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Forsaken OathForsaken Oath by VS Kemanis
Dana Hargrove works in the Manhattan DA’s office, and has been able to keep her family life separate from the cut and thrust of the courtroom. When three serious but apparently unrelated cases cross Dana’s desk, she initially treats them as all in a day’s work, but then it becomes clear that they are connected. The link is that they are all destined to harm Dana’s family. To protect those she loves, she must put the rule book in the drawer, lock it, and throw away the key. Out on 30 April.
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Edge of WildEdge of Wild by DK Stone 
Rabbits aren’t usually symbols of menace on book covers (though Donny Darko’s Frank did a good job) but then there are the strategically placed bloodstains. The book is set in Alberta, Canada, in the national park town of Waterton. Rich Evans has been posted by his New York bosses to resuscitate an ailing hotel. His discontent gives way to something worse when he discovers that his predecessor came to a sticky end, and the hostile locals make him think that he might be next. Solving murders is not what he trained to do, but when his life is on the line, it’s a case of needs must. Out on Kindle from 1 May.
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Quick and the DeadQuick and the Dead by Susan Moody
We have something of a play on words here, as the central character goes by the name of Alexandra Quick. The ‘dead’ role goes her business partner, art historian and university professor Dr Helena Drummond. Helena complains of a stalker, but her fears are dismissed as products of an over-active imagination. Now it seems that the stalker has substance and, prompted by her conscience, Alexandra Quick investigates her friend’s disappearance. Published on 1 May.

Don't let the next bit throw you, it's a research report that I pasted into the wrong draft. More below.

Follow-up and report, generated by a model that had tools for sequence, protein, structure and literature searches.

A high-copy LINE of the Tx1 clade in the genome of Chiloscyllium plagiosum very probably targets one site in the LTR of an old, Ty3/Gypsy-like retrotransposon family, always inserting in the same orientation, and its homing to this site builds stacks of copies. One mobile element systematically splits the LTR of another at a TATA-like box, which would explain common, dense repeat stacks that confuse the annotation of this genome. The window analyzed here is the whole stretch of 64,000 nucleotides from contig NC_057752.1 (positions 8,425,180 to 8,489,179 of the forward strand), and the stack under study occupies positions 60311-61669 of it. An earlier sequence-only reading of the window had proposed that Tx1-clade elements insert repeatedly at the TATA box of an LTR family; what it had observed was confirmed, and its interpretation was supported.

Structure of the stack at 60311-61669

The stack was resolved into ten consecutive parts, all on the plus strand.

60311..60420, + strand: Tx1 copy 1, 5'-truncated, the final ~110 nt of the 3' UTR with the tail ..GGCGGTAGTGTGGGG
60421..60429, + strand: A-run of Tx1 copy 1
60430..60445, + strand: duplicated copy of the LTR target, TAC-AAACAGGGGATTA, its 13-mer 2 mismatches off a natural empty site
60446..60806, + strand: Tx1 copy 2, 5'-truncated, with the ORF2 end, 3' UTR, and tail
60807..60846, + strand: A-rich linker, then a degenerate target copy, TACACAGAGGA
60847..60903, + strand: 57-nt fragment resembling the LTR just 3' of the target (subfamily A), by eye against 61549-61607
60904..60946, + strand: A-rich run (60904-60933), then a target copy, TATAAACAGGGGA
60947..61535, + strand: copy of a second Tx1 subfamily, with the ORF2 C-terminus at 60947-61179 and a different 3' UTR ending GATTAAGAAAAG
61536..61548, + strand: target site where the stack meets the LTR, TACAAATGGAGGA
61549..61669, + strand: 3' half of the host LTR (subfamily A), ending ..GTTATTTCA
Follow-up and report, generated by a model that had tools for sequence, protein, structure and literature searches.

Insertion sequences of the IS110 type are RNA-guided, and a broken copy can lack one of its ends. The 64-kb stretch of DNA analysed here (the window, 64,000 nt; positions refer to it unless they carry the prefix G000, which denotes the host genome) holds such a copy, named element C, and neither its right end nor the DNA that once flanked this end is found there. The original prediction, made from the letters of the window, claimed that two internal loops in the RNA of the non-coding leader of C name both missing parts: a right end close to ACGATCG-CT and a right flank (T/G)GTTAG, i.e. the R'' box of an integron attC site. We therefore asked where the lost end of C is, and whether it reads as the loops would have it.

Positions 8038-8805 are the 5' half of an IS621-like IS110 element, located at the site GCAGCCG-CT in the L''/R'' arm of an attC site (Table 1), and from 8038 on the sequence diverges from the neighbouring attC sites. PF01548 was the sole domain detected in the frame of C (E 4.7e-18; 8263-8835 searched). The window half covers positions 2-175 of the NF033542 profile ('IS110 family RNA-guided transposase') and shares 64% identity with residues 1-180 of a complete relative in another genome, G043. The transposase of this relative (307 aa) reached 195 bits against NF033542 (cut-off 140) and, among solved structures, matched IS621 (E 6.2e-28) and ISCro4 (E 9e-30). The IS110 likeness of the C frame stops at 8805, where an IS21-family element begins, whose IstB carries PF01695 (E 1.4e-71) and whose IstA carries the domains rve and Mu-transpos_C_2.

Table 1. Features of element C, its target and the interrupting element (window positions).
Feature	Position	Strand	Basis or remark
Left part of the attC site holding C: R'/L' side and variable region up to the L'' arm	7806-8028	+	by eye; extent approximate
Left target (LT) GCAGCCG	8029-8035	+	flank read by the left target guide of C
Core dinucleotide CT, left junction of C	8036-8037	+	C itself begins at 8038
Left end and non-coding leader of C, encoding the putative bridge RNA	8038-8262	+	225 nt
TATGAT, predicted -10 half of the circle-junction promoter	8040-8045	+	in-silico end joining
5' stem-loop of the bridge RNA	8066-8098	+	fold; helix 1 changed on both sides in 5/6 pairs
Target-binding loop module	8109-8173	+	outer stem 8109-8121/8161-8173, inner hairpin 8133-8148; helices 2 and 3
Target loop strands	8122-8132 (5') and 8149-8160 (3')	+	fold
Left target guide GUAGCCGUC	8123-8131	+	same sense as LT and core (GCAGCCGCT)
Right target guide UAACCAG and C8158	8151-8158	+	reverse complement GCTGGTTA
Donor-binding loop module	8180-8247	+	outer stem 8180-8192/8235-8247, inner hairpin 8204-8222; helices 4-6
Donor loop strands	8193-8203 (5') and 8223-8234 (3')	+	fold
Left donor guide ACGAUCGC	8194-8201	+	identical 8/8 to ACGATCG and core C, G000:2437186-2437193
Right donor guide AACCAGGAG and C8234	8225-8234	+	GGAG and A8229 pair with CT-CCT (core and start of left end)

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The patchwork devilThe Patchwork Devil by Cavan Scott
The great consulting detective returns in a new pastiche, having survived the bitter years of The Great War, to investigate a death linked to the carnage of the Western Front. It’s 1919, and Homes and the doughty Dr Watson are faced with a puzzle. How can a severed hand, washed up on the banks of the Thames but relatively fresh, possibly be that of a British officer who was killed two years earlier in Flanders? With his sedentary brother Mycroft suggesting that this is one case that Holmes might profitably avoid, Holmes faces not only a murder investigation but a massive conspiracy which goes to the very heart of the establishment. Available on 22 April.
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A-NORMALGUY-V2A Normal Guy by Byron Gatt
Here’s an interesting diversion – an online multimedia crime story to follow in serial format. It’s delivered mainly via articles and audio monologues of a serial killer talking about… well… various topics. Will the folks at Pinchicus Media and/or the police be able to track him down and bring him to justice? Or will that next bump in the night be him closing in? There are two episodes in the narrative so far, but if you click here you can keep abreast of what has been happening.